• FY16 Basic Field Grant: $20,890,565 (5% increase from prior year)
  • Reliance on LSC Funds: 23%
  • People Eligible for LSC Services: 4 million—20% of state population
  • Constituents Helped (2014): 113,096
  • Cases Closed (2014): 48,993
  • LSC Grantees: Legal Aid Society of Mid-New York, Legal Aid Society of Northeastern New York, Legal Assistance of Western New York, Legal Services NYC, Legal Services of the Hudson Valley, Nassau/Suffolk Law Services Committee, Neighborhood Legal Services
  • Other LSC Funds (FY15): $709,297 pro bono grant to expand service to people in rural areas and create a national database of information on predatory for-profit schools in partnership with probono.net; $250,680 technology grants to improve online resources and create one-stop online services for consumer issues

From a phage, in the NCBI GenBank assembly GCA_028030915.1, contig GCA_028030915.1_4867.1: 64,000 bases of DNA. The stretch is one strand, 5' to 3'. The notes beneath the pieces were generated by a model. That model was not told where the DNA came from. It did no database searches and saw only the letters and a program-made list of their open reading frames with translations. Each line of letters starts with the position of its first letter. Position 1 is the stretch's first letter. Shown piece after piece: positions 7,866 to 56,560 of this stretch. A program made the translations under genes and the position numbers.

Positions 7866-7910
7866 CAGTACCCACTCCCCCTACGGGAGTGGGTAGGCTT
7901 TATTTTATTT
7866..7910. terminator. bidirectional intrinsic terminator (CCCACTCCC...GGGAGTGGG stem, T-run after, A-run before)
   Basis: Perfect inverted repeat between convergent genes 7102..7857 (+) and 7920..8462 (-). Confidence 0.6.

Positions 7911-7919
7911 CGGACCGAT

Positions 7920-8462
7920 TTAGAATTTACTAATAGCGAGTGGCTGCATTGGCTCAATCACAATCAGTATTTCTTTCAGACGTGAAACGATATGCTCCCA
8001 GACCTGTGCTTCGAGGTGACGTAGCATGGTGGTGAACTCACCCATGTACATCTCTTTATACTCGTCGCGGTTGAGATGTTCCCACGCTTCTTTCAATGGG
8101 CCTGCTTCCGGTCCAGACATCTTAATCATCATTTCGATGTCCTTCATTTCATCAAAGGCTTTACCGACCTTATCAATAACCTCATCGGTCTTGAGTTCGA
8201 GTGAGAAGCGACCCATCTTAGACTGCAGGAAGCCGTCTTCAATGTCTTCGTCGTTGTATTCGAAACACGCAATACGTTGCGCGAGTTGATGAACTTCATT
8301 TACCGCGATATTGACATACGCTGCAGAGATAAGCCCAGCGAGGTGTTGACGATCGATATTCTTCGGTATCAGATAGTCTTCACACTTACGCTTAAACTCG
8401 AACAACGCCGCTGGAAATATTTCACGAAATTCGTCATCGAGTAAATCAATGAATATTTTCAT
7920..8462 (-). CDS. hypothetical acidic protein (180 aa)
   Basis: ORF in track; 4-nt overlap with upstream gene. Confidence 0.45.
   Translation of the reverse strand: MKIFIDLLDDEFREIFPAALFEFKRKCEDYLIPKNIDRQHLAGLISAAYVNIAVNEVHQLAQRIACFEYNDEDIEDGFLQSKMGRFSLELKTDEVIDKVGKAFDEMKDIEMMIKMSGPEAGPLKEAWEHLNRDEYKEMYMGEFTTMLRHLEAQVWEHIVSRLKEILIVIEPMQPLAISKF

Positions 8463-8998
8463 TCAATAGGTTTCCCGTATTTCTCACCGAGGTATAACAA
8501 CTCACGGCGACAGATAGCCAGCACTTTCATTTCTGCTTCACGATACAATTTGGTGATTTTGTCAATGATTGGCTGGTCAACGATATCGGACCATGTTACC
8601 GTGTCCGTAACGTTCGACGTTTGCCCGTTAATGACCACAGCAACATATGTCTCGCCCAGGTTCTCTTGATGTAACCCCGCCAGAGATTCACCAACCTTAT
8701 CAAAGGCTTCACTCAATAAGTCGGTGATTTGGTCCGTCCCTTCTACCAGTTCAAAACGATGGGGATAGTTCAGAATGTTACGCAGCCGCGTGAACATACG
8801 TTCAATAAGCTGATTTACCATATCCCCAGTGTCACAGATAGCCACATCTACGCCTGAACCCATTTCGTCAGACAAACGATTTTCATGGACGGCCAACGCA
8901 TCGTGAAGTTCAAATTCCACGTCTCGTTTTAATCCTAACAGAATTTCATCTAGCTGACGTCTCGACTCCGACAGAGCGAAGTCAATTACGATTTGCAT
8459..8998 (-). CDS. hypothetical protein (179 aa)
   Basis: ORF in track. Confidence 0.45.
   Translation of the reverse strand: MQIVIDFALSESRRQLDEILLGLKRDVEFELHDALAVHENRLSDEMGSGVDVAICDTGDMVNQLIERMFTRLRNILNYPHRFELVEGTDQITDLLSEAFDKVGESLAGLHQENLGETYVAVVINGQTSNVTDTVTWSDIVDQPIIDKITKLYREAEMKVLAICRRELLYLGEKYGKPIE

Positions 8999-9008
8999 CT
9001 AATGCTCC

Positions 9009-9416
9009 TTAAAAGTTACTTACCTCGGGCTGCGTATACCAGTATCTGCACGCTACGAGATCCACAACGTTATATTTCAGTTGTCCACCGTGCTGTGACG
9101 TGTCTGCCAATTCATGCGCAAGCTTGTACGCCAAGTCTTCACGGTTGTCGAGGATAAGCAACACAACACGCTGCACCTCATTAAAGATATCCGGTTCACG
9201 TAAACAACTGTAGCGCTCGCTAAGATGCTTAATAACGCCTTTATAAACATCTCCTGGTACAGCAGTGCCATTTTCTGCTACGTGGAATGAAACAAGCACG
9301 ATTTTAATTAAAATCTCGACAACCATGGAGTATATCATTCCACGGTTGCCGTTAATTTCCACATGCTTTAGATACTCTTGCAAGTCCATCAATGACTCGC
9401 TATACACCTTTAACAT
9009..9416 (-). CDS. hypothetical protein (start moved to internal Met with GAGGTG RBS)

North Carolina

Legal Aid of North Carolina (LANC) is a statewide program with 21 offices. The service area is a mix of urban and rural, including eastern farmlands, western mountains, and a national forest. LANC meets diverse client needs with partnerships, including their Lawyer on the Line program which works with law schools to utilize law students throughout the state.

  • FY16 Basic Field Grant: $11,605,563 (2% increase from prior year)
  • Reliance on LSC Funds: 49%
  • People Eligible for LSC Services: 2.2 million—23% of state population
  • Constituents Helped (2014): 49,680
  • Cases Closed (2014): 21,383

North Dakota

Legal Services of North Dakota (LSND) is a statewide program with a staff of 21 in four offices. LSND serves 53 counties and three Indian reservations.